403(b) & 457

What is a 403b catch-up contribution?

If you started saving for retirement late, you may consider using catch-up contributions to boost your savings. Find out what is a 403(b) catch-up contribution.

3 min read

If you are an employee of a public school institution, religious organization, or other non-profit entity, you may be covered under a 403(b) plan. A 403(b) plan is a tax-deferred retirement plan that lets employees defer part of their salary for their retirement. If you are above 50, you become eligible to make additional contributions beyond the standard contributions.

A catch-up contribution is an additional contribution you can make to your 403(b) plan beyond the regular contribution limit. This contribution is reserved for employees aged 50 or older. Once you reach 50, you become eligible to contribute an additional $6,500 in catch-up contributions to your 403(b), for a total of $27,000 in 2022. Since you contribute pre-tax dollars to a 403(b), you will only owe taxes when you make a withdrawal from the account.

403(b) basics

A 403(b) plan is designed for employees of public schools, hospitals, and other tax-exempt organizations. Examples of 403(b) participants may include teachers, professors, school administrators, nurses, and librarians. Similar to a 401(k), 403(b) participants make plan contributions through payroll deductions.

There are two types of 403(b) plans i.e. traditional 403(b) and Roth 403(b) plans. A traditional 403(b) allows employees to make pre-tax contributions to the retirement account, and only owe taxes when they withdraw money from the account. On the other hand, a Roth 403(b) is funded with post-tax dollars, and there is no immediate tax benefit. However, employees will not owe taxes when they withdraw money from the Roth 403(b) plan.

403(b) catch-up contribution limit 

In 2022, you can contribute up to $20,500 to a 403(b) plan. If you are 50 or older, you can contribute an additional $6,500 catch-up contribution, for a total of $27,000. However, to be eligible to make catch-up contributions, you must first exhaust the standard contribution limit.

403(b) plans allow employers to match employees’ contributions up to a certain limit. For 2022, the combined employer and employee contributions cannot exceed $61,000, or $67,500 for those 50 or older.

How the 403(b) 15-year catch-up contribution works

If you have worked for your current employer for 15 years or more, and your annual contributions were less than $5,000 per year, you may be eligible for a special catch-up contribution known as the 15-year catch-up.

Under this provision, you can contribute an additional $3,000 per year in additional contributions, up to a $15,000 lifetime limit. You don’t have to be 50 or older to qualify for the special catch-up contribution; as long as you have 15 or more years with your employer, you will be eligible to make the catch-up contribution to a 403(b) plan. If you are above 50, you can make both contributions to your 403(b) in the same year.

How to make 403(b) catch-up contribution

403(b) participants who are age 50 or older during a given year can make catch-up contributions. You become eligible to make catch-up contributions at any time during the year in which you turn 50.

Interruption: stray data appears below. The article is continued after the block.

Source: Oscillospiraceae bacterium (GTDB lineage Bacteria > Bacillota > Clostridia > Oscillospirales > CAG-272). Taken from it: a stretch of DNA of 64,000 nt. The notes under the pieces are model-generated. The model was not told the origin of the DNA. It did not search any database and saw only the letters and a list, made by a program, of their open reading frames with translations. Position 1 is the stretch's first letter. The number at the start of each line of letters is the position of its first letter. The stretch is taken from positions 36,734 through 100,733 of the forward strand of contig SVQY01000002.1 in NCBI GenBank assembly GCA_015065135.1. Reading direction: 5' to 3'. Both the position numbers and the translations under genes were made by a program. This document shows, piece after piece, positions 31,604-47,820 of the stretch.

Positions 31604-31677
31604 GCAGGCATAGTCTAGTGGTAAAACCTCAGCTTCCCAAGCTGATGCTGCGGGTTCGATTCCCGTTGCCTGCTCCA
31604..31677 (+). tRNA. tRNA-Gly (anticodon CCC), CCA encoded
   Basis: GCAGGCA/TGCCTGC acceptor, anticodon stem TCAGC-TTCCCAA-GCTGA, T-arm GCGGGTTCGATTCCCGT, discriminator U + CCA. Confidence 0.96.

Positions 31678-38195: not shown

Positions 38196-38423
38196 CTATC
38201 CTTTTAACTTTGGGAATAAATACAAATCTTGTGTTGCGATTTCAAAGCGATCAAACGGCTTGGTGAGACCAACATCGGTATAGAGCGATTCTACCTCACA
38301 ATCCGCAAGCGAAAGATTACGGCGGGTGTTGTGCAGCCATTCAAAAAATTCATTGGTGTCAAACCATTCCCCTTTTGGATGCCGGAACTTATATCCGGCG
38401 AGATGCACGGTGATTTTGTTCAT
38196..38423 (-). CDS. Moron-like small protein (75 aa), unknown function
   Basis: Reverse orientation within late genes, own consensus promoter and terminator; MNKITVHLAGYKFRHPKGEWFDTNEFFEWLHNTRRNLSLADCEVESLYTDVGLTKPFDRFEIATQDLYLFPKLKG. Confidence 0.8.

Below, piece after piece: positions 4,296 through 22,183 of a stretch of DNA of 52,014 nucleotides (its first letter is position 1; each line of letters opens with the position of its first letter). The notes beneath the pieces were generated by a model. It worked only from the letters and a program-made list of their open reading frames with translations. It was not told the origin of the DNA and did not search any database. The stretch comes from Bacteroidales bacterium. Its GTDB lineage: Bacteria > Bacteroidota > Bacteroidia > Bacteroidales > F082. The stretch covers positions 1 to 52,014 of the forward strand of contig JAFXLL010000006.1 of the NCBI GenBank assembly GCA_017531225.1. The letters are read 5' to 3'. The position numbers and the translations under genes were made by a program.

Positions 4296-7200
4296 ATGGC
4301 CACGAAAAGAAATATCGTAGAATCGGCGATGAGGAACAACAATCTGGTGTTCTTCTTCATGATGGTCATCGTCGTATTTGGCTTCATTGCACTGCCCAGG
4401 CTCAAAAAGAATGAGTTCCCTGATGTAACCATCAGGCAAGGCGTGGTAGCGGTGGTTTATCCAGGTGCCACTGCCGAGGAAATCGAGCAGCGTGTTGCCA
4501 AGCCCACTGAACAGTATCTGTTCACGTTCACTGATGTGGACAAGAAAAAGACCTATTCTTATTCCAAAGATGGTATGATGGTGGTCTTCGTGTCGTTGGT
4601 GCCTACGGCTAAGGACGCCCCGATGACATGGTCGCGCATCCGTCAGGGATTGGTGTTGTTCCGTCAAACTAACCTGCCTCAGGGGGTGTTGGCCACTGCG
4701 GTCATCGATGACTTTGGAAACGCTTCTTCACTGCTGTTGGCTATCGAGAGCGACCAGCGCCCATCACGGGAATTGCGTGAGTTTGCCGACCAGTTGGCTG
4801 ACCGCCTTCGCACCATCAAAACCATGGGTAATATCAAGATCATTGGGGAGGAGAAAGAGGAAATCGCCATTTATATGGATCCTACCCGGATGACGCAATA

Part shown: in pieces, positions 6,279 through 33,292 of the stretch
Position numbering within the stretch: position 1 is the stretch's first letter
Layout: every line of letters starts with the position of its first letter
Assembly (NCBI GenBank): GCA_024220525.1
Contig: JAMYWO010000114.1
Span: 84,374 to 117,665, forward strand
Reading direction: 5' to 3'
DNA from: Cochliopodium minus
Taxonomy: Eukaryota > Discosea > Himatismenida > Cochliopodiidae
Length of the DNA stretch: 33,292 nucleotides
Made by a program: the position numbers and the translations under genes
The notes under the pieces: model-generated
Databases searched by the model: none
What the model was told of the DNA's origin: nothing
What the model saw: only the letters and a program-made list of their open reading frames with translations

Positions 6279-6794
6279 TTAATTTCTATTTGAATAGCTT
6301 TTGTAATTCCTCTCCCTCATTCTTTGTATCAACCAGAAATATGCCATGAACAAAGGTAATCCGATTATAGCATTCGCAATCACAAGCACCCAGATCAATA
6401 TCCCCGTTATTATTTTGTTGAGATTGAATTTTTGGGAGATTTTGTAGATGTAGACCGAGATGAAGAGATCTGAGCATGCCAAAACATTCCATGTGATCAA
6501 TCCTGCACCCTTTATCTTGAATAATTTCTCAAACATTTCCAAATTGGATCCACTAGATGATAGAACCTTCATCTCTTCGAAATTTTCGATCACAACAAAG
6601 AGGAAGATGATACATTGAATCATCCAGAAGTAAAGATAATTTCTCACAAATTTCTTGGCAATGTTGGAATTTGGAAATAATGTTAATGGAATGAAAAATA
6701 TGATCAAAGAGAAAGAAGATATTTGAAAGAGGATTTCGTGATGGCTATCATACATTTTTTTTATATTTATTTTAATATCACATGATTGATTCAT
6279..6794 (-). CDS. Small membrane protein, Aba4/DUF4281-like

Start by contacting your 403(b) plan administrator to confirm that you are eligible to make catch-up contributions. You will likely require authorization from your plan administrator to make a catch-up contribution.

403(b) catch-up contributions must be made before the end of the year. If you are contributing a percentage of your income each month, you should make sure the percentage contribution is enough to meet the new annual contribution limit, including the catch-up contribution.

If you decide to contribute to a 403(b) plan every pay period, you will need to contribute $1,125 bi-weekly, or $2,250 every month. The annual contributions should total up to $27,000. If you prefer quarterly payments, you would need to contribute $6,750 every quarter.

Do 403(b) catch-up contributions make sense?

If you are 50 or older and in your peak earning years, it might make sense to save extra money for your retirement. Taking advantage of the additional contributions can help you save more as you approach your retirement years.

Here are situations when it makes sense to make catch-up contributions:

You want to save more

If you have additional income in your 50s or 60s, making catch-up contributions can help you accelerate your retirement savings. These funds will grow tax-deferred, and you will only pay taxes when you withdraw money in retirement. On the other hand, if you have accumulated a nice nest egg, taking advantage of catch-up contributions can boost your retirement savings to help you retire earlier.

You’ve maxed out

If you have hit the maximum contribution limit for 403(b) and you are 50 or older, you can use catch-up contributions to accelerate your retirement savings. You can also open another retirement vehicle to channel additional funds. If you are already retired, you can roll over your 403(b) to Beagle to enjoy a wider pool of investment options and get access to a plan loan at 0% net interest. 

Tax benefit of a 403(b) catch-up contribution

Many workers reach peak earnings in their 50s, and this means that they can save more money and cut taxes. Since a 403(b) is funded with pre-tax money, any contributions made to the retirement plan are deducted from the gross income before taxes.

For example, an employee who is above 50 and is in the 35% tax bracket saves $9,450 on the annual income taxes by maxing out 403(b) contributions up to $27,000 in 2022. 

Similarly, an employee who is 50 or older, and falls in the 22% tax bracket can save $5,940 by contributing the full $27,000 in 2022. This represents $1,430 more tax savings than workers who are below age 50.